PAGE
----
An increasingly frustrated Dhaka government and a hostile Myanmar government have pushed Rohingya refugees into a corner with nowhere to go.
It has been two years since a brutal military campaign waged by Myanmar authorities triggered an exodus of at least 700,000 Rohingya Muslims to Bangladesh — an operation that rights groups have branded “ethnic cleansing” or “genocide.”
A UN fact-finding mission has documented major abuses in Rakhine since 2016, including widespread killings and torching of villages, and said its findings warrant prosecution for war crimes and crimes against humanity in a forum such as the International Criminal Court.
“The Burmese military have succeeded in its mission, they don’t make any bones about how they feel or view the Rohingya,” Burmese coordinator of the Free Rohingya Coalition Maung Zarni told TRT World.
Myanmar denies most of the allegations but admits to a few atrocities, including the execution of 10 Rohingya men. Doctors Without Borders estimates that at least 6,700 were killed, 730 of which were children.
But the events of 2017 were not the first time the Rohingya faced persecution. Over a span of four decades, Myanmar has consistently tried to strip the Rohingya of Myanmar citizenship.
Myanmar has been “institutionalising the persecution and subjecting the Rohingyas to extreme and sadistic forms of violence, including mass rape and throwing children onto fire, burning houses and slaughtering people,” Zarni told TRT World.
This has been through a slew of measures designed to exclude Rohingyas as a sizable slice of Myanmar’s population — moves like enacting a 1982 Citizenship Law effectively denying Rohingya citizenship, under which they are not recognised as a national ethnic group in Myanmar.
But stripping Rohingya of citizenship also extends past legislative means — Myanmar authorities are now reportedly forcing some Rohingya at gunpoint to accept National Verification Cards that class them as foreigners, rights group Fortify Rights reported.
Neither here nor there
The Rohingya in Myanmar are widely believed by the public to be illegal immigrants from neighbouring Bangladesh, although many have traced their roots in Rakhine State preceding the creation of the Burmese state.
After the 2017 exodus, there have been plans to repatriate the Rohingya but where to?
“There are 120,000 Rohingyas in ‘concentration camps’ — the term used by German Foreign Office officials in private meetings with Rohingyas — where they have been caged since the organised violence erupted in 2012, and an additional 400,000 live in ‘vast open prisons’ in towns such as Buthidaung and half of the unburned Rohingya villages,” Zarni wrote for Anadolu Agency.
A recent BBC report documented that Rohingya villages have been razed to the ground to make room for internment camps, bordered by razor wire fencing and an increased security presence.
Rohingya Muslims returning to Myanmar may be unlikely to reclaim their land, and may find their crops have been harvested and sold by the government, a 2017 Reuters report said.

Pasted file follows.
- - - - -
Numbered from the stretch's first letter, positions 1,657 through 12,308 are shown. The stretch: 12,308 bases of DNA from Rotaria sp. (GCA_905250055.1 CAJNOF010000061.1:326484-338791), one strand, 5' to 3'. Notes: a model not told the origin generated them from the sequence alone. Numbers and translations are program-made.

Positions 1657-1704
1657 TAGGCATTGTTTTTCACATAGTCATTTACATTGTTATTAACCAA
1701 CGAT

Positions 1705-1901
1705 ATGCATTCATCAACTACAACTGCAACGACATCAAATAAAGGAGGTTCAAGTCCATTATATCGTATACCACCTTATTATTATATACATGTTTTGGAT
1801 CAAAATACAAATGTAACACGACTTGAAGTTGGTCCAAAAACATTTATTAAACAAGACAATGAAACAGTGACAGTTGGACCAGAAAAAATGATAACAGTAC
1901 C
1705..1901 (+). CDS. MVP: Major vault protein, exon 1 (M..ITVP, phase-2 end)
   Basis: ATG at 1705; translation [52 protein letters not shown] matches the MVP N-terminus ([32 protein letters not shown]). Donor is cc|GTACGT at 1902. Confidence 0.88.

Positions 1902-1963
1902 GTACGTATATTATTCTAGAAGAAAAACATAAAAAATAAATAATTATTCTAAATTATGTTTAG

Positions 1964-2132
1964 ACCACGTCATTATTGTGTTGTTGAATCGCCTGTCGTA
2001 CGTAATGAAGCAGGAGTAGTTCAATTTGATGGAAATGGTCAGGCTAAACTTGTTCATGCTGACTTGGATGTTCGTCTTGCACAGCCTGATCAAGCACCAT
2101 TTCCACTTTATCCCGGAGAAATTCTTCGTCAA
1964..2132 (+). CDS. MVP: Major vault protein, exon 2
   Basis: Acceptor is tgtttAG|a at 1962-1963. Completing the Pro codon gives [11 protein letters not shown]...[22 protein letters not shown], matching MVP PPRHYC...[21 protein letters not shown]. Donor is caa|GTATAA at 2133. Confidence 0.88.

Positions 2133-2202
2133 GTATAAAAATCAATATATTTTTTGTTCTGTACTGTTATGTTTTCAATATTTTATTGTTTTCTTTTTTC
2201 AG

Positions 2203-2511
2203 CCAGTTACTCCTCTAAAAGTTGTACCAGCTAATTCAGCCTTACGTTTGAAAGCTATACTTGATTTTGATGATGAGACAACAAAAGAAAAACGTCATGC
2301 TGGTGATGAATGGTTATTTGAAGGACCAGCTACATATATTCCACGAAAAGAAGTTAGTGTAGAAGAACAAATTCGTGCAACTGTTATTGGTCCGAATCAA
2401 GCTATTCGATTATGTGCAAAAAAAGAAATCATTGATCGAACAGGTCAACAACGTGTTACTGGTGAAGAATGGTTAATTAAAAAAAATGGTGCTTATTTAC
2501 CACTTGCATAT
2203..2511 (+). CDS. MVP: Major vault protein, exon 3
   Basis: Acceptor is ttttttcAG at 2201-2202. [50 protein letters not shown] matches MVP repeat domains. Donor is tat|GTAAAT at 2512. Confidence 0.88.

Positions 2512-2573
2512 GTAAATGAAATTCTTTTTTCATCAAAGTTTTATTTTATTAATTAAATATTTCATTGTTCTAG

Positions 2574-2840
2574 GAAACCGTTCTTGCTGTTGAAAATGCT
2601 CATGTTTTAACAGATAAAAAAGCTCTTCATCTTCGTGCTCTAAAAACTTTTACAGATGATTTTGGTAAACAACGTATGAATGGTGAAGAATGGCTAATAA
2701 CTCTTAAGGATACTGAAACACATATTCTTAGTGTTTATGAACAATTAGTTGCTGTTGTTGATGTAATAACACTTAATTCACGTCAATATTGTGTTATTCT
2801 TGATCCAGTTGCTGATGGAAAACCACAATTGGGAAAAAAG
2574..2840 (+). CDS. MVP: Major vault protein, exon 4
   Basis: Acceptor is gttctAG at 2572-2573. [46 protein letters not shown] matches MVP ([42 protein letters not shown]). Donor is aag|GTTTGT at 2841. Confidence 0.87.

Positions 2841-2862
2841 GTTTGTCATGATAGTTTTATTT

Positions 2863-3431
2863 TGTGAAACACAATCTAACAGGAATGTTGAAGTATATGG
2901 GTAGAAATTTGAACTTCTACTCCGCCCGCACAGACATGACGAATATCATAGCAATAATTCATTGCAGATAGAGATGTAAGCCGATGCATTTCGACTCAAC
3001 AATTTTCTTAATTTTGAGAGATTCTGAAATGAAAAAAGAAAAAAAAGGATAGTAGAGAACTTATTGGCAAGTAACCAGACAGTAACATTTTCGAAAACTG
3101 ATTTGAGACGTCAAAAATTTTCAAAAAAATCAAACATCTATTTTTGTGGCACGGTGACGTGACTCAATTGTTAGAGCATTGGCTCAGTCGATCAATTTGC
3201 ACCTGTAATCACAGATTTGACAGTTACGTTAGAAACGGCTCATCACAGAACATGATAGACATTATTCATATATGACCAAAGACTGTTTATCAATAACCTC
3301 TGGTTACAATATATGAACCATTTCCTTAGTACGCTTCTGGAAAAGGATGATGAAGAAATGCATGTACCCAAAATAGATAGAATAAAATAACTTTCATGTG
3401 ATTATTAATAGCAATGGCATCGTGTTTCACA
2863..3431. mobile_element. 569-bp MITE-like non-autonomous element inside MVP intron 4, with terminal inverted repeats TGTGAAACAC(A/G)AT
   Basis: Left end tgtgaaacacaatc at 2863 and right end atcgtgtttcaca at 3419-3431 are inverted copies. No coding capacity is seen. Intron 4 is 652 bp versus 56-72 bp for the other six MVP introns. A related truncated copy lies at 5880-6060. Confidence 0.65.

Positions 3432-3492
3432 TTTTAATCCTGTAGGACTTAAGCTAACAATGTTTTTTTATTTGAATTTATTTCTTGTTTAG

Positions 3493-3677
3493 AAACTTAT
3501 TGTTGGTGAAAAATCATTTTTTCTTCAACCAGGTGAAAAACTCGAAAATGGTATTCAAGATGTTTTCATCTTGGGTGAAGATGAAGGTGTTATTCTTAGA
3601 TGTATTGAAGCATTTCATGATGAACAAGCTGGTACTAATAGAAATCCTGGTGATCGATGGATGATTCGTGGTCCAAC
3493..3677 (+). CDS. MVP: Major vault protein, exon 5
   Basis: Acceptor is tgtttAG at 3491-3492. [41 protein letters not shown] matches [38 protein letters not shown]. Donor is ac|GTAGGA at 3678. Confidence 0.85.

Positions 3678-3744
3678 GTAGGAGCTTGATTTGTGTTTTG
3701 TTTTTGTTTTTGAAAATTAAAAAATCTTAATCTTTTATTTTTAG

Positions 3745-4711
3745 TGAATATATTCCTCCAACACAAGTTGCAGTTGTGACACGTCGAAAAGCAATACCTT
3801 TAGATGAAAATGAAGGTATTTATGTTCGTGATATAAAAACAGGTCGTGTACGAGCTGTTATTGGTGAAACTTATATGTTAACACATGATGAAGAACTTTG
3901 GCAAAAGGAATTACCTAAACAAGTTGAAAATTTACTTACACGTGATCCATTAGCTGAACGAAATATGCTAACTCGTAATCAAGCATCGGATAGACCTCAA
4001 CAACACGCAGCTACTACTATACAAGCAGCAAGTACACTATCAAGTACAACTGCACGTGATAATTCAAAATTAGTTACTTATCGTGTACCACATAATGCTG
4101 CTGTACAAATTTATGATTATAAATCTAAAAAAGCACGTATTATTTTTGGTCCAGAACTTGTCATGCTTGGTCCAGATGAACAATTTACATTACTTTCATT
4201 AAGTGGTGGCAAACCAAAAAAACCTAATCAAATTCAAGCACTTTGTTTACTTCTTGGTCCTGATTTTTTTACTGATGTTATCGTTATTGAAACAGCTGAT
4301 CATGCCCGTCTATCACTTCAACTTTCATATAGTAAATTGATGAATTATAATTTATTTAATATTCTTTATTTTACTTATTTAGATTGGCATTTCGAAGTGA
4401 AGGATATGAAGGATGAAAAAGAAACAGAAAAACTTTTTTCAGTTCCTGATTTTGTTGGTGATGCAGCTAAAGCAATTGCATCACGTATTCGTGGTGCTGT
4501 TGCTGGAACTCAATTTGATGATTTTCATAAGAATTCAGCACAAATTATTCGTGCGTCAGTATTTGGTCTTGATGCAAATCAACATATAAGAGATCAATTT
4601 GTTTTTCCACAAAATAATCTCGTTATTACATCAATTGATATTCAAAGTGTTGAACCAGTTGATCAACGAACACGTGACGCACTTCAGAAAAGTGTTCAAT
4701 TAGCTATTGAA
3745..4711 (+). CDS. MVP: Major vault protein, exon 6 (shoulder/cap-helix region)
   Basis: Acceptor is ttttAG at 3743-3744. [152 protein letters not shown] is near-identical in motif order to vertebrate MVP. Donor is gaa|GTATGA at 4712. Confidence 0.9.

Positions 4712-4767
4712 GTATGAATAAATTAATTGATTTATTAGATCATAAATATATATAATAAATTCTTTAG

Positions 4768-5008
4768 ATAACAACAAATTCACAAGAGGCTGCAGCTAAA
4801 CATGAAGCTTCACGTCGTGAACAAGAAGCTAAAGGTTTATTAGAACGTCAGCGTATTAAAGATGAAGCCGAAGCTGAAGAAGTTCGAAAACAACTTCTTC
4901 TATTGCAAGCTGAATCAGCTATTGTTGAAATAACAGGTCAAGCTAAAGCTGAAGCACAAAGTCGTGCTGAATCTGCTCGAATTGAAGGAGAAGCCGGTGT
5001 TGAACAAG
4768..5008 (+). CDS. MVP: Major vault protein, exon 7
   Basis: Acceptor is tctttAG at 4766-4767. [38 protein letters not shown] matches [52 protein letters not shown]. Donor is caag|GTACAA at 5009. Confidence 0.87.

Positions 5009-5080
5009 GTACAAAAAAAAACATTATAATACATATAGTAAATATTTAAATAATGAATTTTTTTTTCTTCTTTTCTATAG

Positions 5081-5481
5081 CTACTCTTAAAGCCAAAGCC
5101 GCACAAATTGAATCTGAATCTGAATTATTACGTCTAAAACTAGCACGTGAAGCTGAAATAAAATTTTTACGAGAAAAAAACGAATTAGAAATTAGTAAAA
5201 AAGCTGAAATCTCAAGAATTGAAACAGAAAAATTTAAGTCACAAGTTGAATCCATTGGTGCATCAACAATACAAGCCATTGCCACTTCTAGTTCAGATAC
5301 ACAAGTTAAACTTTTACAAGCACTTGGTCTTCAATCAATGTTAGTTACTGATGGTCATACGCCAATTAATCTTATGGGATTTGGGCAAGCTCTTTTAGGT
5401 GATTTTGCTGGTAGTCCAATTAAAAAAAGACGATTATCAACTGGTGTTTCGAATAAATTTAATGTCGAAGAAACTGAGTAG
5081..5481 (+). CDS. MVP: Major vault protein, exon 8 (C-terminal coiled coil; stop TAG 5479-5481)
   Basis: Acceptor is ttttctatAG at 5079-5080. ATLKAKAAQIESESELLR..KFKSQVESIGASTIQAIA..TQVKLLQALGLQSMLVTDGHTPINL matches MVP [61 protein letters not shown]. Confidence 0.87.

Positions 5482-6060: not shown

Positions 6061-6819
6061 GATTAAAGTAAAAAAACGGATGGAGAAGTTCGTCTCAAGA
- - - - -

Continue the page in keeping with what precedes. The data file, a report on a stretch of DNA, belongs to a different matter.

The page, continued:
“The extensive and continuing destruction of Rohingya communities long after the violent military campaign of 2017 had ended means few of the refugees would be able to go back to their old lives and communities,” the BBC reported.
Indeed they don’t want to unless assured of security and citizenship— a fresh push to repatriate them fell flat when no one turned up.
On the other side of the border, Rohingya refugees in Bangladesh are facing an increasingly uncertain future with a hostile media landscape and little opportunity to build a future for themselves.
“Rohingya in camps in Bangladesh or Myanmar have no freedom of movement, no access to school, no real livelihoods or no future at all,” Zarni told TRT World.
Bangladeshi officials view this as a security threat.
In September, the Bangladeshi military reported in a meeting that out of 1.2 million Rohingya refugees in 31 makeshift camps, 400,000 children — aged between 12 and 17 — are not receiving any education and pose a threat not only to the country but to the entire region.
"Given the opportunity, they [children] will spread across the country [Bangladesh] and international terrorist organizations may try to use them to serve their interests," Lt. Gen. Mahfuzur Rahman, an army official, was quoted as saying by the Daily Star.
Also in September, Bangladesh cut access to 3G and 4G internet in Rohingya camps, disrupting communications between different camps and with family and friends still in Myanmar.
"I have my family there. If I do not have a mobile phone, how can I stay connected?" Mohammed Rashid, a refugee who fled to Bangladesh two years ago told Reuters.
And there are the plans to relocate some 100,000 refugees to the muddy isle of Bhasan Char accessible only by boat, plans for which include erecting a barbed wire fence and security guards to pen refugees in.
NGOs and rights group have voiced concerns over the potential move, saying that frequent flooding and cyclones in the area will jeopardise the safety of the refugees.
But Dhaka issued an ultimatum to the UN — they either relocate to the island or face deportation back to Myanmar.
The recent measures come as Dhaka grows frustrated with failed attempts to repatriate them back to Myanmar.
Although Myanmar authorities say they are ready to receive any who return, refugees have refused to go back for fear of further violence. For the Rohingya, moving back across the border is tantamount to suicide.